By Gwynne Dyer
Like Mexico, Canada is in the North American Free Trade Agreement, which Donald Trump has described as "the worst trade deal...ever signed in this country." Unlike Mexico, Canada thinks that Trump is not planning to hurt it. But no good deed goes unpunished, so Canada's Prime Minister Justin Trudeau should be very careful.
Canadians felt good when Trudeau responded to Trump's ban on Syrian refugees by tweeting: "To those fleeing persecution, terror and war, Canadians will welcome you, regardless of your faith. Diversity is our strength. Welcome to Canada." Feeling morally superior to Americans is one of Canadians' favourite pastimes, and in this case it is self-evidently true.
The United States took in 12,587 Syrian refugees last year; Canada, with one-ninth of America's population, accepted almost 40,000. Yet there have been only two "lone wolf" Islamist attacks in Canada in this century, each killing one person and neither carried out by an immigrant.
Terrorists have just murdered six Canadian Muslims in Quebec City, but Muslim immigrants pose no appreciable danger to non-Muslim Canadians."
In reality, there is no significant danger from Muslim immigrants to America either. Most of the 28 major massacres in the United States since 9/11 were carried out by white right-wing extremists, and those that did involve Muslims were almost all committed by native-born Americans.
But Trump's "executive orders" are not just driven by ignorance and panic. He is consciously manipulating public opinion, and Canada's response to his ban on Muslim immigrants undermines the script he is working from.
If Trump's domestic opponents use the Canadian example to discredit Trump's story about the mortal danger posed by Muslim immigrants, the man might claim that lax Canadian immigration policy is a threat to the United States and apply "extreme vetting" measures to Muslim Canadians who want to cross the border.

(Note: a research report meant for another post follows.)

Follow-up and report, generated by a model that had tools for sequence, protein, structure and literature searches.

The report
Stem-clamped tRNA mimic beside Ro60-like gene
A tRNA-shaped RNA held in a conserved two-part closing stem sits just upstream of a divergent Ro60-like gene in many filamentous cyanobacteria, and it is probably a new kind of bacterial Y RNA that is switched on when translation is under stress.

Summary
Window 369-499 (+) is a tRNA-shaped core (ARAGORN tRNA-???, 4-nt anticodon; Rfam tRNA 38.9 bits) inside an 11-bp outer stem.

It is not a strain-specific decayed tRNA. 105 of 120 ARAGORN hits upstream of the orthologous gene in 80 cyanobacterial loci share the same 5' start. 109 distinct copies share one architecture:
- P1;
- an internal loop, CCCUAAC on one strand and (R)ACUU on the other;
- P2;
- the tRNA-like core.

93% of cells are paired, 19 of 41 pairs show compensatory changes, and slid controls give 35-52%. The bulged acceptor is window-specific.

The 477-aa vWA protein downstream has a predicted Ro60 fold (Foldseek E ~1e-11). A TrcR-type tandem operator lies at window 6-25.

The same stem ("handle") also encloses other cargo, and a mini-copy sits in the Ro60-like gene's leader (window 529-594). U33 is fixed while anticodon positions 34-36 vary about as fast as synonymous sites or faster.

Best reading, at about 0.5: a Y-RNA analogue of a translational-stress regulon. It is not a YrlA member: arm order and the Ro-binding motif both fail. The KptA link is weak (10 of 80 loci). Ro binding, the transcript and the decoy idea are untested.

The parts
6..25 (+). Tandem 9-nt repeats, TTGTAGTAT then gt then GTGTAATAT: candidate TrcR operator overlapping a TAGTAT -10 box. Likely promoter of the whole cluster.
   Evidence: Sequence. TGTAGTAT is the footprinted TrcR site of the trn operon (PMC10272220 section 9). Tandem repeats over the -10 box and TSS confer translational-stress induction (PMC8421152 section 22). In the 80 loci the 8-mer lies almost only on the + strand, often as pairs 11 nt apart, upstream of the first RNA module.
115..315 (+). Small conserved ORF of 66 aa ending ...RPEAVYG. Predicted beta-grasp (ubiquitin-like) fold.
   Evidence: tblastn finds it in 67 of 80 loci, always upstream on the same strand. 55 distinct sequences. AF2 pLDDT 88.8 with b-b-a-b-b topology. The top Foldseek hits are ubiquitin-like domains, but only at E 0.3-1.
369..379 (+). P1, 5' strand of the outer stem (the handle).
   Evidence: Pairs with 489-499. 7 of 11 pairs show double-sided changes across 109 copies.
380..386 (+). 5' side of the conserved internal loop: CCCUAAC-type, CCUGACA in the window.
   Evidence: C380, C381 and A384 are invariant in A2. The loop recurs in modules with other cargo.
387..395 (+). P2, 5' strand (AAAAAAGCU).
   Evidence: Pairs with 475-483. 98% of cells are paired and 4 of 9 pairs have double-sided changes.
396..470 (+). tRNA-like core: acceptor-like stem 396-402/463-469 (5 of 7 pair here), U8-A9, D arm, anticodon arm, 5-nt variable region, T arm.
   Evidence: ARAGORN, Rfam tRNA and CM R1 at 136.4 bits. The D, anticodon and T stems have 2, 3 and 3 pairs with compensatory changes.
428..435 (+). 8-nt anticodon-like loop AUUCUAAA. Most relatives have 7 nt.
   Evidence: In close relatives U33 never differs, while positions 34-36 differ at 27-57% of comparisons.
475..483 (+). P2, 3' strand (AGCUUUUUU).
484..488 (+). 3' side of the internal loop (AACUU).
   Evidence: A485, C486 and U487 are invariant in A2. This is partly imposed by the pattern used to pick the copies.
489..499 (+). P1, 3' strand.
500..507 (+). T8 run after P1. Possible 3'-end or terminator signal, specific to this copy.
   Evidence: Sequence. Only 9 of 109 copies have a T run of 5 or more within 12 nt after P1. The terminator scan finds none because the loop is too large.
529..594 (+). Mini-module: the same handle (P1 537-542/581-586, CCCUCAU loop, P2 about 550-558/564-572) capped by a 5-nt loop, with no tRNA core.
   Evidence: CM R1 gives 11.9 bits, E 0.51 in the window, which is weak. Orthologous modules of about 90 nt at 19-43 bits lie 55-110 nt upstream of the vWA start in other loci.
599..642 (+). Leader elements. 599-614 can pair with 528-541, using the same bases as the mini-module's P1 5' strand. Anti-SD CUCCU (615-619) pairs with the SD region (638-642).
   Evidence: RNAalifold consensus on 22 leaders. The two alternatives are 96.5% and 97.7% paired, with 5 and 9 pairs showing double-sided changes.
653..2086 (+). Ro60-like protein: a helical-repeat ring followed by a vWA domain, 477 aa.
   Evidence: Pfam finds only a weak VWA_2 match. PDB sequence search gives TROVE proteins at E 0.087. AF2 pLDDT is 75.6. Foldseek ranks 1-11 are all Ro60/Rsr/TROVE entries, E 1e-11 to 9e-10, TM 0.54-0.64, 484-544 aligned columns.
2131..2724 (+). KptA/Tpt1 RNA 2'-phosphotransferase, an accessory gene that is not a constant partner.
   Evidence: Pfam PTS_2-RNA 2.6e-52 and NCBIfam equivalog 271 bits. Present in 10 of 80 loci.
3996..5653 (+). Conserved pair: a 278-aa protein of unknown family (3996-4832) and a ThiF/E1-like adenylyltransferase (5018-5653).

He might even ban Muslim Canadians from the United States entirely, or require visas for all Canadians. That would impose huge inconvenience and cost on Canadians, but Donald Trump can basically do whatever he wants to his next-door neighbours. So Justin Trudeau would be wiser to do good by stealth and not attract too much attention in the US.
Mexico's President Enrique Peña Nieto has a much bigger problem. He was well aware of Trump's campaign promise to build an "impenetrable, physical, tall, powerful, beautiful, southern border wall" to keep out illegal Mexican immigrants, and to make Mexico pay for it. But like most people, he couldn't believe that Trump meant it literally.
After all, who in their right mind would want to build a 10-metre high concrete wall, also extending a couple of metres underground, along more than half of the 3,100-km US-Mexican border? (The rest is mountains and rivers.) It would cost between $10 billion (Trump's estimate) and $30 billion plus (construction consultants Gleeds Worldwide).
Building the wall isn't going to stop the estimated 45 percent of illegal Mexican immigrants who arrive quite legally by car, bus or plane, but overstay their visas. It isn't exactly urgent either, given that the net flow is now southward: since 2014 more Mexicans have been going home each year than arriving in the US.
The wall is really just symbolic, a demonstration of political will, but Trump has promised to build it and he will. Can he also make Mexico pay for it? Actually, he probably can.
Last Thursday Mexican officials were in Washington preparing for President Peña Nieto's visit when Trump suddenly tweeted: "If Mexico is unwilling to pay for the badly needed wall, then it would be better to cancel the upcoming meeting." Peña Nieto, deeply humiliated, did cancel the meeting. He had no choice.
But on Friday, the two presidents had an hour-long phone call that the joint statement described as "productive and constructive". There were no details, but they did discuss "the current trade deficit the United States has with Mexico," among other things. "Fixing" that trade deficit is probably how the circle will ultimately be squared.
Mexico's exports to the US were $271 billion last year; its imports were only $213 billion. Trump wants to change that, and Peña Nieto has no option but to submit. And somewhere in the deal that there will probably be a clause that lets Trump claim Mexico is paying for the wall while Mexico can still deny it.
Canada-US trade is roughly in balance, so Canadians will probably not suffer severe pressure unless Trudeau really irritates The Man. The total volume of US-China trade is about the same, but China sells the US four times more than it buys from it.
That can't be "fixed", and Trump cannot be persuaded to let it ride. There will be tears before bedtime.
The writer is an independent journalist whose articles are published in 45 countries